HomeGroupsTalkZeitgeist

Series: Alexander Lectures

Works (34)

TitlesOrder
The study of poetry by Heathcote William Garrod1929-1930
Of Irony: Especially in Drama by G. Sedgewick G.1933-1934
Some Observations on Eighteenth Century Poetry by David Nichol Smith1936-1937
The Renaissance and English humanism by Douglas Bush1938-1939
Elizabethan and Jacobean by F. P. Wilson1943-1944
Henry James, the major phase by F. O. Matthiessen1944-1945
Voyages to the Moon by Marjorie Hope Nicolson1946-1947
Shakespeare's Problem Plays by E. M. W. Tillyard1948-1949
Rhythm in the Novel (Alexander Lectures) by E. K. Brown1949-1950
The Languages of Criticism and the Structure of Poetry by Ronald S. Crane1951-1952
Medieval Drama in Chester by Frederick M. Salter1953-1954
Literary Biography by Leon Edel1955-1956
On English prose by James Runcieman Sutherland1956-1957
The Question of Hamlet by Harry Levin1957-1958
In Search of Chaucer by B.H. Bronson1958-1959
Reading of "Paradise Lost" (Alexander Lectures) by Helen Gardner1961-1962
The Garden and the City: Retirement and Politics in the Later Poetry of Pope, 1731-1743 by Maynard Mack1962-1963
Natural Supernaturalism: Tradition and Revolution in Romantic Literature by M. H. Abrams1963-1964
Race of Time: Three Lectures on Renaissance Historiography (Canadian University Paperbacks) by Herschel Baker1964-1965
Fools of Time: Studies in Shakespearean Tragedy (Alexander Lectures) by Northrop Frye1965-1966
Chaucer at Oxford and at Cambridge by J. A. W. Bennett1970-1971
The Consciousness of Joyce by Richard Ellmann1974-1975
Experience into thought : perspectives in the Coleridge notebooks by Kathleen Coburn1976-1977
Hopkins, the Self, and God (Alexander Lectures) by Walter J. Ong1980-1981
The Mirror of Nature (Alexander Lectures, 1982) by Robertson Davies1982
The Names of Comedy (Alexander Lectures) by Anne Barton1983
The Presence of the Present: Topics of the Day in the Victorian Novel (Studies in Victorian Life and Literature) by Richard D. Altick1985
Social Values and Poetic Acts: The Historical Judgment of Literary Works by Jerome J. McGann1986
to be continued by Peter Conrad1992
The Soldiers' Tale: Bearing Witness to a Modern War by Samuel Hynes1994
Women's Lives: The View from the Threshold (Alexander Lectures) by Carolyn G. Heilbrun1997
Hannah Arendt by Julia Kristeva1999
Holy Terror by Terry Eagleton2004
Unexpected Affinities: Reading across Cultures (Alexander Lectures) by Zhang Longxi2005

Related tags

Recommendations

Series description

The Alexander Lectureship was founded in honour of Professor W. J. Alexander, who held the chair of English at University College, University of Toronto, from 1889 to 1926. The Lectureship brings to the university a distinguished scholar or critic to give a course of lectures on a subject related to English Literature.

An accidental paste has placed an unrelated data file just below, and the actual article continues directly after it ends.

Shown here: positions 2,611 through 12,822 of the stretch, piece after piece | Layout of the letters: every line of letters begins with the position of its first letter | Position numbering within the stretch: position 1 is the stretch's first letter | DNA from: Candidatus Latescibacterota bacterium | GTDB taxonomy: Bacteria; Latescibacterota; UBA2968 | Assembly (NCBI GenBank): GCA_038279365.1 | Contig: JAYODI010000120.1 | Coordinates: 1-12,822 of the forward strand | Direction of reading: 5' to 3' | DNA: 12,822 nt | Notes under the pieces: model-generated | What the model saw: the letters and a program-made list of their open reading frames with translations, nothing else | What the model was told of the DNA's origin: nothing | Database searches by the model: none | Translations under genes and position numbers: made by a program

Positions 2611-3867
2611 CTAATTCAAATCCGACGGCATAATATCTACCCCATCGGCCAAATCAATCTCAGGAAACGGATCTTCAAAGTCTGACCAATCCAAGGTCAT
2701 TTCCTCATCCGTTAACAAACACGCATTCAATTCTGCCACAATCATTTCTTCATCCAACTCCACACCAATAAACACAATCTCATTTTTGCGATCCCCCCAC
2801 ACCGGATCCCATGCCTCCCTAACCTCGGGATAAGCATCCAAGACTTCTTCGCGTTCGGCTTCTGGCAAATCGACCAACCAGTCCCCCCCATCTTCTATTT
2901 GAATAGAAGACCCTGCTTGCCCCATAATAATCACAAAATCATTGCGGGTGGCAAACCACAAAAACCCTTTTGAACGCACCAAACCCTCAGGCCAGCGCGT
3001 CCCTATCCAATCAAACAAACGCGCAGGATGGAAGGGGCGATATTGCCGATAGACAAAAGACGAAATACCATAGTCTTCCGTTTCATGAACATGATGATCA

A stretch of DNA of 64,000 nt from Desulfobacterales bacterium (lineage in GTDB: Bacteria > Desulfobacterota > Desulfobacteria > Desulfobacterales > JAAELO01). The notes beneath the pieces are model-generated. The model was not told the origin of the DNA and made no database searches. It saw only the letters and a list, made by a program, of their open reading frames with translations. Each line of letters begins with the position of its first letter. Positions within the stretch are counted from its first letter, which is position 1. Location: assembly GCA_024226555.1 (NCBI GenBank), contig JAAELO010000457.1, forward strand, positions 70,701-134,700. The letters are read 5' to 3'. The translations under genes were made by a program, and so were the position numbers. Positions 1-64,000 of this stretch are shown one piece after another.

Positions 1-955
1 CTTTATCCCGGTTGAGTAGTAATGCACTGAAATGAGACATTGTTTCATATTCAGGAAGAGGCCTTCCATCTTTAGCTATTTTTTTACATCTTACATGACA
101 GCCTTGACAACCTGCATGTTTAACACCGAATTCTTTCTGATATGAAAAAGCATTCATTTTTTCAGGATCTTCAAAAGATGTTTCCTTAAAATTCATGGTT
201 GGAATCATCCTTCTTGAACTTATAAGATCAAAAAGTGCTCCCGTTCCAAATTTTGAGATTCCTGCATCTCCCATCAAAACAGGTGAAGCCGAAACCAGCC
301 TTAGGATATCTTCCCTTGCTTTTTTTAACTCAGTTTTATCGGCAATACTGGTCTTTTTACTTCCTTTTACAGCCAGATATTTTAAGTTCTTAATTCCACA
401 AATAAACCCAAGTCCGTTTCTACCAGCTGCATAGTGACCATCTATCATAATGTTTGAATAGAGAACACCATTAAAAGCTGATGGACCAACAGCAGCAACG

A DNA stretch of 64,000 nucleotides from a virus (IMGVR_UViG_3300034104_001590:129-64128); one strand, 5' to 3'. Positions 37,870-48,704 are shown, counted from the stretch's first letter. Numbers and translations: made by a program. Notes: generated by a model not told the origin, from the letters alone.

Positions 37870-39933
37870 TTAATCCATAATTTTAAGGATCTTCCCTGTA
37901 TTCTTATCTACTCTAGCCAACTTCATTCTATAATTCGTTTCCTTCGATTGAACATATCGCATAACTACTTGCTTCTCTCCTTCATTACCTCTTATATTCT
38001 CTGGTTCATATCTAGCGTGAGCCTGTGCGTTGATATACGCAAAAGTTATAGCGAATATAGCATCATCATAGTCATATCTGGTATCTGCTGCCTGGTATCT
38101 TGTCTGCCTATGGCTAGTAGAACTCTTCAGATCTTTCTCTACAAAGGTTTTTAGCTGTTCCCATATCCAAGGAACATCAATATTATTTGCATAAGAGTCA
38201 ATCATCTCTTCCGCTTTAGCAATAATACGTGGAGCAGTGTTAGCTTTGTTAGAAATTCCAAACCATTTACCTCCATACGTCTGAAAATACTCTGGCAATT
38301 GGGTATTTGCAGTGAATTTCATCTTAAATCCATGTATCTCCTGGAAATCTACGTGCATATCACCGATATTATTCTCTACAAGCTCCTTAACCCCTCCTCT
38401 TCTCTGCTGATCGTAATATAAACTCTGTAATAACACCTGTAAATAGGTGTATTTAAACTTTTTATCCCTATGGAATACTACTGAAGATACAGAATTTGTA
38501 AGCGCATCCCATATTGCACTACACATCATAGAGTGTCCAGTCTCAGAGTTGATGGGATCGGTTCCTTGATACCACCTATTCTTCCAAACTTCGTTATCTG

Related people/characters

Series?!

How do series work?

To create a series or add a work to it, go to a "work" page. The "Common Knowledge" section now includes a "Series" field. Enter the name of the series to add the book to it.

Works can belong to more than one series. In some cases, as with Chronicles of Narnia, disagreements about order necessitate the creation of more than one series.

Tip: If the series has an order, add a number or other descriptor in parenthesis after the series title (eg., "Chronicles of Prydain (book 1)"). By default, it sorts by the number, or alphabetically if there is no number. If you want to force a particular order, use the | character to divide the number and the descriptor. So, "(0|prequel)" sorts by 0 under the label "prequel."

What isn't a series?

Series was designed to cover groups of books generally understood as such (see Wikipedia: Book series). Like many concepts in the book world, "series" is a somewhat fluid and contested notion. A good rule of thumb is that series have a conventional name and are intentional creations, on the part of the author or publisher. For now, avoid forcing the issue with mere "lists" of works possessing an arbitrary shared characteristic, such as relating to a particular place. Avoid series that cross authors, unless the authors were or became aware of the series identification (eg., avoid lumping Jane Austen with her continuators).

Also avoid publisher series, unless the publisher has a true monopoly over the "works" in question. So, the Dummies guides are a series of works. But the Loeb Classical Library is a series of editions, not of works.

Helpers

hauptwerk (37)
Help/FAQs | About | Privacy/Terms | Blog | Contact | LibraryThing.com | APIs | WikiThing | Common Knowledge | Legacy Libraries | Early Reviewers | 89,984,280 books! | Top bar: Always visible
Cached: 6aa0054b7d3996ebd982af085b0179ff / 1400173124